Defending JesusNovember 5, 2009 — Deacon Duncan
A visitor named “Joe” (from theboldchristian.com) has replied to my post on Biblical inerrancy, and specifically about my comments on Jesus’ peculiar argument for the resurrection, as found in Matthew 22.
You have a misunderstanding of what death really is. Death is the separation of the body from the mind and spirit. Being made in God’s image consists of three parts. The Mind (God the Father), the body (Jesus) and the spirit (Holy Spirit). These three parts make One whole person. The resurrection is the rejoining of the body to the mind and spirit. Therefore, when Jesus says that God is the God of the living, he is telling the truth, because the mind and spirit are not dead, only the body is.
I can’t help but feel just a twinge of nostalgia, reading Joe’s defense of Jesus, because I had very much the same interpretation when I was a believer. Looking back on this rather simplistic interpretation, though, I can’t help but notice that it not only fails to effectively address the problems with Jesus’ argument, but also does a fair job of demonstrating why a smart god would never make a mere book the ultimate authority for his believers’ faith and practice.
Let’s have a quick review of Jesus’ allegedly Scripture-based argument for a future, bodily resurrection, which the Pharisees believed and the Sadducees rejected. Here it is in its entirety:
But about the resurrection of the dead—have you not read what God said to you, ‘I am the God of Abraham, the God of Isaac, and the God of Jacob’? He is not the God of the dead but of the living.”
Like Joe, I used to think that Jesus was making the point that the soul continues to live, in a spiritual state, after death. As we’ll see in a moment, that’s probably not true, for a number of reasons. But before we get to the problems with this interpretation, let’s think for a minute about what this means for Biblical inerrancy. This is one of the more obscure verses in Scripture, meaning that Jesus does not come right out and say what it is that he’s referring to. He starts off saying that he’s talking “about the resurrection of the dead,” but he ends up with a declaration that says nothing at all about resurrection. There’s a considerable gap there, and it’s left up to the reader to try and fill it in.
The danger for the believer is that there’s no answer key in the back of the book. You can read that passage, and puzzle over it, and try and think of some way the beginning of the verse connects to the end. If you think of something that sounds plausible to you, and you can’t think of anything else that fits what you know about it, you’re probably going to conclude that your best guess about the meaning must be the intended meaning, by a process of elimination. Nothing else seems to fit, therefore your interpretation must be the correct one, and therefore anyone who has a different interpretation must be wrong.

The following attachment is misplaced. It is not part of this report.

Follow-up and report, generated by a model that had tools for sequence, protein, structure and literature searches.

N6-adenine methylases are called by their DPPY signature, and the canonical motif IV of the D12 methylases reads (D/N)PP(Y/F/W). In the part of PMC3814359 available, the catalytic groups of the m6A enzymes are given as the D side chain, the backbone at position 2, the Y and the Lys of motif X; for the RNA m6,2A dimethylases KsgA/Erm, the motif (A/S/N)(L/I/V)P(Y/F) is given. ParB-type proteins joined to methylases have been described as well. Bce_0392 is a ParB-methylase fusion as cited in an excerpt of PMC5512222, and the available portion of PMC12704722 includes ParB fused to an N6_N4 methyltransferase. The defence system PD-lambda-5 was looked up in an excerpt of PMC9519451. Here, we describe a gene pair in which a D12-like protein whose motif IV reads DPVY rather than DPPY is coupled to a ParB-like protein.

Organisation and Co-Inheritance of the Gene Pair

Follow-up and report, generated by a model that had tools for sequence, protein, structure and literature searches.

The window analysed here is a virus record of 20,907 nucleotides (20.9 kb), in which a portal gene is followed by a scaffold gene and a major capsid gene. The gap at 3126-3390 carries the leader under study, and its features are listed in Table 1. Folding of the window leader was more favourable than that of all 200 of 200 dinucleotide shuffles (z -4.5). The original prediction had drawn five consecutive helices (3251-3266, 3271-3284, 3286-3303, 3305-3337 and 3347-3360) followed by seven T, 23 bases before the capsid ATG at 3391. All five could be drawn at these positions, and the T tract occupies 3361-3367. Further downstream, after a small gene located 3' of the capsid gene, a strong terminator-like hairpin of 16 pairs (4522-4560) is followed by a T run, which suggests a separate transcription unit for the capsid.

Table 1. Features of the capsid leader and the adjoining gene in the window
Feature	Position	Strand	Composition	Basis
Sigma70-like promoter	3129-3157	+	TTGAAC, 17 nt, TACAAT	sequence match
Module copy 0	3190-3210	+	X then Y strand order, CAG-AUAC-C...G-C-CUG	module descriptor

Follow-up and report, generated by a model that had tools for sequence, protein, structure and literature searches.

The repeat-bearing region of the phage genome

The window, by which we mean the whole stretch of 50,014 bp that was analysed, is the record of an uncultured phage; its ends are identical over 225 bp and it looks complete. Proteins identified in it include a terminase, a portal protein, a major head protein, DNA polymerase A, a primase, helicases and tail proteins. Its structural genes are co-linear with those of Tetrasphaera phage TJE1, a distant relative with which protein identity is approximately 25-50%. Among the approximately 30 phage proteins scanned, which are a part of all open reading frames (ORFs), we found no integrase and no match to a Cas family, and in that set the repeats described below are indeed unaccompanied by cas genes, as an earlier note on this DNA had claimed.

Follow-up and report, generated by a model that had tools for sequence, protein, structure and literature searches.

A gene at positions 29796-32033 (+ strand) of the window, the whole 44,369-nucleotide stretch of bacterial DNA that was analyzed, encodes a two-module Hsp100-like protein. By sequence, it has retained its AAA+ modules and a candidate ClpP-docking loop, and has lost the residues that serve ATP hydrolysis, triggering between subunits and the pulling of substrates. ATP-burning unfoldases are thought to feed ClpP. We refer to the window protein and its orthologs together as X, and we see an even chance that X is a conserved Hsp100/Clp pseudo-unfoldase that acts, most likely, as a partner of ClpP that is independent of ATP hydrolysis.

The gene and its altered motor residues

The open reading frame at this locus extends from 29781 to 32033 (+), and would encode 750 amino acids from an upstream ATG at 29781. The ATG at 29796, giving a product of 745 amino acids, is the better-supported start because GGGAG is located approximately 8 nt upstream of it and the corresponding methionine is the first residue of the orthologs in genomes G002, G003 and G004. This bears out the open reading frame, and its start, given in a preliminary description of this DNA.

We see this in the very first words of Joe’s comment: “You have a misunderstanding of what death really is.” My interpretation is different than his, therefore mine must be based on error. But (as I hope to demonstrate) Joe himself is neither inerrant nor infallible. Even though he thinks his interpretation must be right and mine must be wrong, he could have misunderstood what Jesus was trying to say. The Bible, like any other book, has an inherent limit: it contains only those words which are written in it, and if you make a mistake in how you read those words, then you’re going to draw the wrong conclusions, even if you start from an infallible and inerrant source.
Joe, for example, is overlooking the fact that the Sadducees already believed that the soul survived after death. [Edit: on further research, I’m not sure I want to use the phrase “overlooking the fact” here. I think it’s likely true, but there are conflicting accounts, and it’s possible that my original understanding might be in error.] In fact, virtually all the significant religions in that era had a similar notion. To try and prove that there was a resurrection by pointing to the idea of life after death would be like trying to prove the validity of the Papacy by pointing to the fact that Jesus had disciples. This would not have been an astonishing teaching, and in fact would have left the crowds wondering when he was going to get to the point. Well of course there’s life after death, they would have said. Everybody knows that. But not everyone believes in a future bodily resurrection as a result!
The Sadducees, as you may recall, held to a pre-Captivity form of Judaism, such as the Judaism of David and Solomon. We see this in the story of the first son born of David’s adulterous (and murderous) relationship with Bathsheba. According to the story, when God saw that David had arranged Uriah’s death in order to obtain Bathsheba, He punished their first son for David’s sin by striking him with a fatal disease. But notice David’s reaction to the baby’s death: